Elizabeth Howard West: Texas Library Pioneer

Gina Watts, Reference Librarian

Elizabeth Howard West, state librarian, 1918-1925. Prints and photographs collection, 1/103-124-West. Archives and Information Services Division, Texas State Library and Archives Commission.

When Elizabeth Howard West was hired as state archivist at the Texas State Library in 1911, she had been through library training, worked in manuscripts at the Library of Congress, and held a master’s degree in history from the University of Texas. Her first task was to organize more than a thousand boxes from the Comptroller’s Office that had been collecting in a basement, and she went on to create the calendar (annotated listing) for the Mirabeau Buonaparte Lamar papers. She departed in 1915 and went to the San Antonio Public Library, where she served as director.

Today we recognize Elizabeth Howard West as a pioneer in Texas history. In 1918, she became the first woman to direct any state agency when she accepted the position as state librarian. West had a vision for a state library that expanded library services to reach all Texans. When she began as state librarian, only 16 percent of citizens in Texas had access to a free public library. She worked to improve this statistic by serving as president of the Texas Library Association and helping establish a county library system. West was so skilled at this work that she helped other states do the same.

Elizabeth Howard West, state archivist, 1911-1915. Prints and photographs collection, 1/122-9. Archives and Information Services Division, Texas State Library and Archives Commission.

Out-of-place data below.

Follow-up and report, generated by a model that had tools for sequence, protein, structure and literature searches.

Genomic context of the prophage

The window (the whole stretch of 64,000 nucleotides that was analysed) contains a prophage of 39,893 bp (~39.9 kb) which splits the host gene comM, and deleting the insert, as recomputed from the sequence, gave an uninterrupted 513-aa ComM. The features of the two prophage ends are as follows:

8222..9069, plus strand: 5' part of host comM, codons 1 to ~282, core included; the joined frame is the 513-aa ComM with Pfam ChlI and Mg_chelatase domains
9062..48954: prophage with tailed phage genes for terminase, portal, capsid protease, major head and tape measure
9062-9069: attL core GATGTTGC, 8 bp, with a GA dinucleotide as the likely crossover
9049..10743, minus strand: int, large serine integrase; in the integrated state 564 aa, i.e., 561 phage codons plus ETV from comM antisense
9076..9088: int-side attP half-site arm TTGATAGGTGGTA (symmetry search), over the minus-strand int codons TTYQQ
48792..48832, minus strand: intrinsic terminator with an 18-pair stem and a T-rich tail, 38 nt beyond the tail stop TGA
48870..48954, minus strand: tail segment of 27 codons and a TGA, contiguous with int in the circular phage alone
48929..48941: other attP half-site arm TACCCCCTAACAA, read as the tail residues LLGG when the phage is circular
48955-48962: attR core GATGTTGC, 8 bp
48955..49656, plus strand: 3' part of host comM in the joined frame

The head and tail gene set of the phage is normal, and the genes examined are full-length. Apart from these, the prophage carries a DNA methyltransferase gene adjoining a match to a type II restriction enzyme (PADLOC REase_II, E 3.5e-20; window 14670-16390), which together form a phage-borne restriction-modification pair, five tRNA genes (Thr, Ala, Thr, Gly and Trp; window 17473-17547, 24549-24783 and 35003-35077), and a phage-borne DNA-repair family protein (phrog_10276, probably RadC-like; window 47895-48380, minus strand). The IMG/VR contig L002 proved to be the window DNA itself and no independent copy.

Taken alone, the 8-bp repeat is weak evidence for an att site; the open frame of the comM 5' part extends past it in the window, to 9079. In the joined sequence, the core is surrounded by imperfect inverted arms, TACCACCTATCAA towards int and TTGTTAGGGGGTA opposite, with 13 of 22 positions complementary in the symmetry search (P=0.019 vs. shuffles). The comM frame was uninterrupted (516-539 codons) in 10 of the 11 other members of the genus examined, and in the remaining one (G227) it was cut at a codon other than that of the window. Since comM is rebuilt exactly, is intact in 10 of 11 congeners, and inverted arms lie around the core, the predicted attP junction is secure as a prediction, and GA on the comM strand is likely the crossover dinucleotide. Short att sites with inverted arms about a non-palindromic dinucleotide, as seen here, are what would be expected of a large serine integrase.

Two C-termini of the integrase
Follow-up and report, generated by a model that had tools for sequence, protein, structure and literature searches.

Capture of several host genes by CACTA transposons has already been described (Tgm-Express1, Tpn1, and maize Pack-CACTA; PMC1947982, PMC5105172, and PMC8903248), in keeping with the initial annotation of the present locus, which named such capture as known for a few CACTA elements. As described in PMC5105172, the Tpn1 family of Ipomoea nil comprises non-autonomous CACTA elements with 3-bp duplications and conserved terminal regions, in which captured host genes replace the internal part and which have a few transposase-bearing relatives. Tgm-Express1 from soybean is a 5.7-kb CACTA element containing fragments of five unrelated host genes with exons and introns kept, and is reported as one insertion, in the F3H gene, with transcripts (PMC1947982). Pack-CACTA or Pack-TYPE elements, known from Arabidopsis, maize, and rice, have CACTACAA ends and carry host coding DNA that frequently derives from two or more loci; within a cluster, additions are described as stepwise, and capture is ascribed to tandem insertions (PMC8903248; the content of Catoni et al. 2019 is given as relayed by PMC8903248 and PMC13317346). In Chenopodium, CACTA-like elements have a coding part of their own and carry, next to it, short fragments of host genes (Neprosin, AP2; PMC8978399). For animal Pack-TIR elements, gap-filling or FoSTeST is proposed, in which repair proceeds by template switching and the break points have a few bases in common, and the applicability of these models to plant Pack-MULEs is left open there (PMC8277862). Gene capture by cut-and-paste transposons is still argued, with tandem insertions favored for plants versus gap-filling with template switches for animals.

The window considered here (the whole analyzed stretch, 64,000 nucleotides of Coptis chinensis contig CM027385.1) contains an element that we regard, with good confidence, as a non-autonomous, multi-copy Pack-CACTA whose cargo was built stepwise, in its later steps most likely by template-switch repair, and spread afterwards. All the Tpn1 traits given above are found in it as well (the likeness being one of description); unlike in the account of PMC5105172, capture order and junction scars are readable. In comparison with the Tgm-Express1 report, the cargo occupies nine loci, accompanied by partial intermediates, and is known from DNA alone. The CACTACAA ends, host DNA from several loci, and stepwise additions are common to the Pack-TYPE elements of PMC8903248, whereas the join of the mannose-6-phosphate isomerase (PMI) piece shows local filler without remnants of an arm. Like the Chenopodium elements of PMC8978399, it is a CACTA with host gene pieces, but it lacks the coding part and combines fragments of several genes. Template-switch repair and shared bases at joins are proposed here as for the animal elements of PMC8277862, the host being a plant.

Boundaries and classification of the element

West also provided library services to groups and individuals who had limited or no access to books. She initiated library services for the blind in 1916 while serving as director of the San Antonio Public Library and brought these services to the Texas State Library in 1919. She acquired books in earlier forms of braille to better serve this population. She also provided services to African American library patrons despite the segregation practices of the era. Schools serving African American students were regular customers of the Texas State Library, but these patrons were not welcomed by everyone working in the Texas Capitol at the time. West developed a process to serve this group by having their requests prepared in advance and ready for pick-up when they arrived.

West was a strong advocate for maintaining a professional staff and added staff raises to her budget requests. She also stipulated training requirements for library and archives positions so that the legislature did not place well-connected but unqualified individuals in library jobs, as was a common practice by Texas politicians of the day.

After years of battling for higher budgets, more space, and better staff support, West eventually sought work outside of state government. In her wake she left behind a library that was made better by her diligence and care. Most important, she left TSLAC as a library that served everyone, not just a privileged few.

Elizabeth West’s records can be found in several collections:


Gracy, David B. The State Library and Archives of Texas: a History, 1835-1962. Austin: University of Texas Press, 2010.

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